And this scrutiny will extend to others. We’re already seeing Hillary Clinton’s similar false claims around being “under sniper fire” brought back to life (and rightfully so). Who will be next?

And what about those innocent folks I mentioned – people with nothing to confess who are unfairly and relentlessly attacked for something regardless? Should they accept blame as well?

No.

Crafting one – and only one – carefully worded, brief statement sharing their position around the matter is appropriate.

After that, they should temporarily unpublish their websites and social sites, set filters on their email accounts and avoid any conversations about the topic – particularly on blogs and taking particular care to avoid blog/social media comments (one should never read comments on salacious stories anyway, as they’re the cesspool of the internet, but that’s a post for another day).

How do you think Williams should have responded? And does anyone else think he should throw his PR person under the bus for the most horrible advice ever with that “conflated” bit?

 About the Author: Mary C. Long is Chief Ghost at Digital Media Ghost where she ghostwrites and helps clients win online using digital strategies you’ve yet to consider. She also advises businesses and individuals on reputation management and how to own their search results online. You’ll find her all over the Web, starting here

3 Comments

  1. Lisa on at 1:20 PM

    It’s most unfortunate that the demise of Brian Williams is being blamed on a PR person. Working in PR in a corporate publicly traded company, the positioning of a “statement” is more often than not pushed by many others outside of PR such as legal counsel, higher ups who want to protect the company (NBC collectively in this case) or even a supervisor of the PR person who may be trying to cover their own interests. To place the sole blame for how and when Brian addressed-or didn’t address- shifts the blame on a PR person who shouldn’t be held entirely accountable because so much is out of their purview. How this played out, unfortunately, is part and parcel of the problem in today’s high profile businesses. Throwing the PR person “under the bus” is a gross understatement and completely unfair.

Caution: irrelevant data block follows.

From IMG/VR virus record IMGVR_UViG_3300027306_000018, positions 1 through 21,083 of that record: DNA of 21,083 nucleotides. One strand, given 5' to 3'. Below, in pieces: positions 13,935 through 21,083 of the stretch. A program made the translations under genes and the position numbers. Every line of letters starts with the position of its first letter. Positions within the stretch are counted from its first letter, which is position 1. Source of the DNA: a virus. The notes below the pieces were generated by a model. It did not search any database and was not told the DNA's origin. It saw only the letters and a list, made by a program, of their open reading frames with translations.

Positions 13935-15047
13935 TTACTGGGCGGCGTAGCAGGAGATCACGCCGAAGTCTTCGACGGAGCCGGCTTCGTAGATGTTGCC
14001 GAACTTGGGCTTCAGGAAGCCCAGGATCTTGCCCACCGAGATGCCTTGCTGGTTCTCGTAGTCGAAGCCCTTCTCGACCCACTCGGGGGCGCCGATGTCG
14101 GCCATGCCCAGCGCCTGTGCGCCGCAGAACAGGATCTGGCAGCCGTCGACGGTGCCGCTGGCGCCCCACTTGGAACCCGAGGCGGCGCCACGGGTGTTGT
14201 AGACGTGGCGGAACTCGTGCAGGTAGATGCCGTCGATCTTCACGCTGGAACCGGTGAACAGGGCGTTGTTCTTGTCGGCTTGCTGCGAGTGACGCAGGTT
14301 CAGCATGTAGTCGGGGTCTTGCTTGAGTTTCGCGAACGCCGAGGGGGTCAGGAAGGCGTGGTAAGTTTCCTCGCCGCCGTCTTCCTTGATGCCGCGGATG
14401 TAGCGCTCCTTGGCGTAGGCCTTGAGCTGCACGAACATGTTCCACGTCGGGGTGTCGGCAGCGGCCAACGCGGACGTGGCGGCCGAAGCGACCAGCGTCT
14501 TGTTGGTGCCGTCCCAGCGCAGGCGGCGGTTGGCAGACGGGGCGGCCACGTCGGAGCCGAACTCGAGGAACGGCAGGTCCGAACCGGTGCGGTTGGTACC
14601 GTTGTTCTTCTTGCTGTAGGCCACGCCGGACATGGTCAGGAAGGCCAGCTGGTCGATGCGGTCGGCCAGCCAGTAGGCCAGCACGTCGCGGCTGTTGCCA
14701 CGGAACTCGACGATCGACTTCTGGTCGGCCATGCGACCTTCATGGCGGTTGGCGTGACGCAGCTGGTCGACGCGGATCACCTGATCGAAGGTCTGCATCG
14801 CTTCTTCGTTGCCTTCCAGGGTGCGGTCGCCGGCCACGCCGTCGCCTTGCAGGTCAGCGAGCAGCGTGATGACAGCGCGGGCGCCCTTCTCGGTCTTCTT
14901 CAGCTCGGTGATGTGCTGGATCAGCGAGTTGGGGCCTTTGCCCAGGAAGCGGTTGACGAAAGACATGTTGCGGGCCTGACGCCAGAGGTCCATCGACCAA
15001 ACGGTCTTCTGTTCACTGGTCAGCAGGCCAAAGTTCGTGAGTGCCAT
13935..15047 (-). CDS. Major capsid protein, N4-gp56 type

2. Anthony James on at 7:30 AM

    Lisa is totally correct. Unfortunately, it’s probably not JUST about Brian Williams, but rather a systemic condition. This wasn’t the first lie he told, just the first lie he couldn’t lie his way out of.

  3. Gail Sideman on at 10:55 AM

    While you have a point, Mary, I think your suggested admission goes too far. Williams shouldn’t have said anything about ego. He should have, however, owned the lie, say that he let a stretched truth morph into a lie and for that, he is profoundly sorry…say that he hopes the public will find it in their hearts to forgive him (I’m not sure “hearts” is the right word, but something along those lines). He should have looked straight into a camera and told his audience that he values the public’s trust, and knows he will have to work hard to re-earn it…that he also values the sacrifices of America’s military and that his miscue is nothing compared to how those men and women put their lives on the line each day.

    I do think that Williams’ company’s PR team did him and the network a disservice by letting the story and speculation grow while it remained quiet. As you suggested, Mary, the best way to quell a controversy is to immediately get out in front of it. The network’s PR staff let the public direct the narrative and it was really Williams’ saying he was stepping away for a time that finally helped stopped the gush of PR blood.

    This is a quick case study about how and how not to deal with a PR crisis.